San Joaquin Taxpayers Association

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Welcome!  The San Joaquin County Taxpayers Association is one of the oldest taxpayer organizations in California.  We monitor and report on tax-related matters and other financial issues in San Joaquin County.  Members prepare articles, special reports and written analyses to help local residents understand the background and development of the issues that affect our quality of life.

We educate the public by hosting public forums featuring political candidates, community leaders and elected officials in San Joaquin County.  The SJTA has earned the reputation of being fair and balanced, and the association is instrumental in influencing government through oversight and reporting on key issues.  We invite you to join us as we partner with local government officials through a non-partisan approach to solving problems.

David Renison
SJTA President
SJTA Endorsement Policy
The San Joaquin County Taxpayers Association is a nonpartisan organization encouraging active participation in government.  We work to influence public policy through education and advocacy. We do not endorse political candidates.  However, we may take action on a variety of government issues of interest to taxpayers.

​Stockton's 'MEASURE A' Sales Tax
City administrators made some promises to voters in 2013 and we are monitoring performance. Document updated Sept. 29, 2016

The next Measure A oversight committee meeting will be held on Dec. 7, 2016 - 9:00 a.m. at City Hall Council Chambers.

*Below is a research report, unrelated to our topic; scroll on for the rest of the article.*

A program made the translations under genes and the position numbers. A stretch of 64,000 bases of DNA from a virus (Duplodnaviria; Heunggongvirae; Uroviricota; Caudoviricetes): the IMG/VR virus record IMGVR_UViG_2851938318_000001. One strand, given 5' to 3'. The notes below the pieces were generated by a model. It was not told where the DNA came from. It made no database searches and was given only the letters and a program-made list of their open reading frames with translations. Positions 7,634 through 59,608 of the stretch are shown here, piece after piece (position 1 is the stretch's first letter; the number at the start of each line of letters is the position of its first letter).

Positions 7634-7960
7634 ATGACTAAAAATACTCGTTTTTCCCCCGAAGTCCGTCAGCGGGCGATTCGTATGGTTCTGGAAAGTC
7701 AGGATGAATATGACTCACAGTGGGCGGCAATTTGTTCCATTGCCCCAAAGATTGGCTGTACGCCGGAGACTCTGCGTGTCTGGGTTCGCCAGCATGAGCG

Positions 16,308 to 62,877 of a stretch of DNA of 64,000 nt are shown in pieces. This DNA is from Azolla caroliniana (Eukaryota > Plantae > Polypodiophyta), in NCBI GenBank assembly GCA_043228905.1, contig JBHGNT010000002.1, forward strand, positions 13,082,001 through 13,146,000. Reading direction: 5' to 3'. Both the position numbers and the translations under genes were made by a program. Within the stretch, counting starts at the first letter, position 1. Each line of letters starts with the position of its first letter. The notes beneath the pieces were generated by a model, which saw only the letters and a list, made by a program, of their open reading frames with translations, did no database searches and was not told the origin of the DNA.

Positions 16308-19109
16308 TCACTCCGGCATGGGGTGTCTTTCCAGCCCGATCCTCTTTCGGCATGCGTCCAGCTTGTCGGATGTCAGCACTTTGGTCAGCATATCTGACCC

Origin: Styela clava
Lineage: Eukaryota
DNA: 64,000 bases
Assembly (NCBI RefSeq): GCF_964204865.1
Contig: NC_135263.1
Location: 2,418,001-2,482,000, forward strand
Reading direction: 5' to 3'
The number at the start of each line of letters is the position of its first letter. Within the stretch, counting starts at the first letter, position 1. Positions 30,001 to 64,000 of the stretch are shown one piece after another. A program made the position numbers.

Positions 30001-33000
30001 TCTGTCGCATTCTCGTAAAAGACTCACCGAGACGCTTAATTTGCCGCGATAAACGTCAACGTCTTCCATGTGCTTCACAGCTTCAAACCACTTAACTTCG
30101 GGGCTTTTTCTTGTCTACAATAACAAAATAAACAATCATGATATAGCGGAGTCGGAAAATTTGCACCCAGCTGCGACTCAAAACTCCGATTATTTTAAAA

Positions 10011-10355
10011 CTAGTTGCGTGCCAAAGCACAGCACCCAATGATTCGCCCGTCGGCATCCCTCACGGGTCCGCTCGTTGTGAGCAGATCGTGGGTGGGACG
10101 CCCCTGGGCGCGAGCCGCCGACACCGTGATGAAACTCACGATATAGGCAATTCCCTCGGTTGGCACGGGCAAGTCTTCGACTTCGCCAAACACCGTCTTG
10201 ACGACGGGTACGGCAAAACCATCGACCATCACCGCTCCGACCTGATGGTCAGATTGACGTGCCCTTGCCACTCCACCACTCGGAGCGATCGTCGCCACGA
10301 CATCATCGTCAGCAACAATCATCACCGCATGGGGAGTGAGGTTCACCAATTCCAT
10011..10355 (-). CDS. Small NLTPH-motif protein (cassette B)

Items on the agenda will be:
  • The standard reporting items
  • 2015 Measure A Audit Services
  • Discussion of possible sub-committee for drafting Annual Report to Council
  • CAFR Supplemental Display of Measures A&B
  • Updated 10-year 65-35% Projects

Stockton Unified School District is seeking several individuals to fill vacancies and/or replace current oversight committee members for their Measure Q and E Bond proceeds. 
Download the Letter, Fact Sheet and Application here.

San Joaquin County Mosquito Abatement District Trustees
A wide-ranging problem... local and state legislation would stop this unconscionable abuse of taxpayer money!  READ MORE

How high are building permit fees in Stockton?
Build a house in Stockton - OR - build one in Manteca AND one in Lodi for the same cost!  READ MORE
Community Forums Sponsored by the SJTA

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California State Senator
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Candidate Debate
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We are looking for volunteers with a commitment to serve:
Membership and Fundraising
    Develop support for the organization

School District Bonds
    Study the efficiency of bond dollars

Public Employee Compensation
    Collective bargaining, pensions and benefits

Political Action
    Educate through public forums

City Governments
    Oversight for City Council action

County Administration
    Budgets and committee appointments

Tax Measures
    Evaluate the cost-to-benefit

Promise Tracker
    Track the performance of elected officials
We appreciate your financial support!
Stockton's Measure M Sales Tax Increase
Nov. 8, 2016 Ballot Initiative

Here is what you should know about Measure M… history is repeating itself!

As you recall, Measure W, a one-quarter percent sales tax specifically for purposes described by ordinance (038-04CS) and dedicated for Police and Fire personnel and equipment, was approved by Stockton voters on November 2, 2004.